TALLAHASSEE, FLA., OCT. 2 -- Bobby Bowden is tidying up at Florida State. He no longer tolerates earrings, muscle shirts and bad hats in his presence. If you don't practice Thursday you don't play Saturday, and one assistant coach recently said, "This will no longer be a home for unemployed Santa Clauses."
The fourth-ranked Seminoles (4-0) sensed great possibility this season, with experience in quarterback Danny McManus and the kind of depth that allows them to play four tailbacks and six wide receivers. No. 3 Miami (2-0) is one of the few teams that stands between them and a shot at the national championship, which is why Bowden and his staff made it clear there would be a new regime this season.
"We started pressing our finger down a little firmer this year," Bowden said, "because we felt this team had potential to be a contender. The coaches are not going to do anything, and have asked the players not to do anything, to jeopardize this."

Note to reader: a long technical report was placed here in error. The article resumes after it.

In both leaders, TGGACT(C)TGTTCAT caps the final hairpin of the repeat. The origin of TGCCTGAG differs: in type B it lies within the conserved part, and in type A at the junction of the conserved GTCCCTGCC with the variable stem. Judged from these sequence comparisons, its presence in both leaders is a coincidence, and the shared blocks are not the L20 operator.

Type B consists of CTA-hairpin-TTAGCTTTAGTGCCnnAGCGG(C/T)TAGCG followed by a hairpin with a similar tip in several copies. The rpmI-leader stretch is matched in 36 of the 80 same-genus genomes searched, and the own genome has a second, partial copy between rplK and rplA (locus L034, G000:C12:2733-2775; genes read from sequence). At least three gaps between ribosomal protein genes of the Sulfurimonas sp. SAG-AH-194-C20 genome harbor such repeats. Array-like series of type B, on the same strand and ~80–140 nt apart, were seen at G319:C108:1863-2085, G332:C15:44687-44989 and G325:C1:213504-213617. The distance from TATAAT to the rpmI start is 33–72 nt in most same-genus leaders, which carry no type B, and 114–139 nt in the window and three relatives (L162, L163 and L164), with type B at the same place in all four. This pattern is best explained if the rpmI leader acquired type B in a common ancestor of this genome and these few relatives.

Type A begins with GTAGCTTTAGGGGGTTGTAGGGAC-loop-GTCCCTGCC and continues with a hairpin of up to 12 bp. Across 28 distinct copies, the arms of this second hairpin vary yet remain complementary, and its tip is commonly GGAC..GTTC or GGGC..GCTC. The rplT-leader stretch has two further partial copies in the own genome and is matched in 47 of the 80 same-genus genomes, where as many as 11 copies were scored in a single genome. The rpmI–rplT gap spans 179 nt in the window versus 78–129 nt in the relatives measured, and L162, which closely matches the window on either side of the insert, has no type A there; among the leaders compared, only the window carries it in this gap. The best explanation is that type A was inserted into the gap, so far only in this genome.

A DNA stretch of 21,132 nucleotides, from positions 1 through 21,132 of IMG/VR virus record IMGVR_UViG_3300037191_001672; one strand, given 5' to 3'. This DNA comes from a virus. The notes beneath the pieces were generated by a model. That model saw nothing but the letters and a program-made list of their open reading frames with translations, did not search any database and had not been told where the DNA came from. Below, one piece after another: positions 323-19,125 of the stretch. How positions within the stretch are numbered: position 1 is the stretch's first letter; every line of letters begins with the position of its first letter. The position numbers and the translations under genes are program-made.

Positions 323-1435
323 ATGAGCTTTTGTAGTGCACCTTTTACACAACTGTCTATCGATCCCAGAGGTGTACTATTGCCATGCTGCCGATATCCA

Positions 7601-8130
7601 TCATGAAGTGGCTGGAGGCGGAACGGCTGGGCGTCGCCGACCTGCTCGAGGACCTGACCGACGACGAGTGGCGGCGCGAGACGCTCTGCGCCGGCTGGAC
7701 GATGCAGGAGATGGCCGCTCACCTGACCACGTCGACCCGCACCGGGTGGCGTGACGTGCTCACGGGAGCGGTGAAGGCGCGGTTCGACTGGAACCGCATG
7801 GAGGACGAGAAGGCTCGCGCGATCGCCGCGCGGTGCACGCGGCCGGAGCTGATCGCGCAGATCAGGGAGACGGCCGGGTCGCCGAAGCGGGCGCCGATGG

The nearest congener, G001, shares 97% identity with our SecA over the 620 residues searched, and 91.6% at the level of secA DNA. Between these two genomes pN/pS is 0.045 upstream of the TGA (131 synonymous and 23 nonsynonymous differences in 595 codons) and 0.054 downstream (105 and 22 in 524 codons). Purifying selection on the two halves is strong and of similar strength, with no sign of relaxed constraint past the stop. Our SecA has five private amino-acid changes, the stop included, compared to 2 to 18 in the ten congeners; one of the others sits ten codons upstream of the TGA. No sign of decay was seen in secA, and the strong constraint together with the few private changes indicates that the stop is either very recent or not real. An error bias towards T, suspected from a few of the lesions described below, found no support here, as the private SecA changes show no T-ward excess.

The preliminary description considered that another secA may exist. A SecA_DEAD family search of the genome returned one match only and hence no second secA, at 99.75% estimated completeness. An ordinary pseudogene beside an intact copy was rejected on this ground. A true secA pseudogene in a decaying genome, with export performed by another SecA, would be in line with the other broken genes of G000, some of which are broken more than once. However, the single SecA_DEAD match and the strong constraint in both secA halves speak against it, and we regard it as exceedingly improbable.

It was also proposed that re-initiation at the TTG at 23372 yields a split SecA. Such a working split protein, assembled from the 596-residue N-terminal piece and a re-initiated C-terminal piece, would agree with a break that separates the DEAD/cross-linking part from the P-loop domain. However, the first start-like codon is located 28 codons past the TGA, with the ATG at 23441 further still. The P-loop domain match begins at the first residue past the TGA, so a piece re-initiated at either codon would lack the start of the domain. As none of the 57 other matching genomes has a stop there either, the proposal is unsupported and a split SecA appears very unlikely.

Of course, as soon as McManus is out of Bowden's line of vision he claps a dirty old fishing hat back on his head. The earrings go back in, the muscle shirts reappear and the Seminoles become their typically jazzy selves. Burt Reynolds and Robert Urich attended school here, and there are certain standards of flash to uphold. Even Bowden is not averse to a little spark, running four reverses against Michigan State last week.
"They want their finger on us, but they don't want us in their hip pocket," McManus said. "It's a loose tightness. We don't worry about much."
Clearly not, with an offense that averages 39 points and 489 yards a game led by McManus and tailback Sammie Smith, and a defense that has given up just 11 points and 257 yards a game. They have the whole package, and any doubts that the Seminoles are for real came to an end with a 31-3 pasting of the Spartans last week.
But the truest test for Florida State comes Saturday at Doak Campbell Stadium when the Seminoles host Miami (2:30 p.m., WUSA-TV-9, WBAL-TV-11). With both teams looking at the Orange Bowl and a chance to play for the national title, it is being called "the state championship" by Bowden. Burt and Bob are here to see it.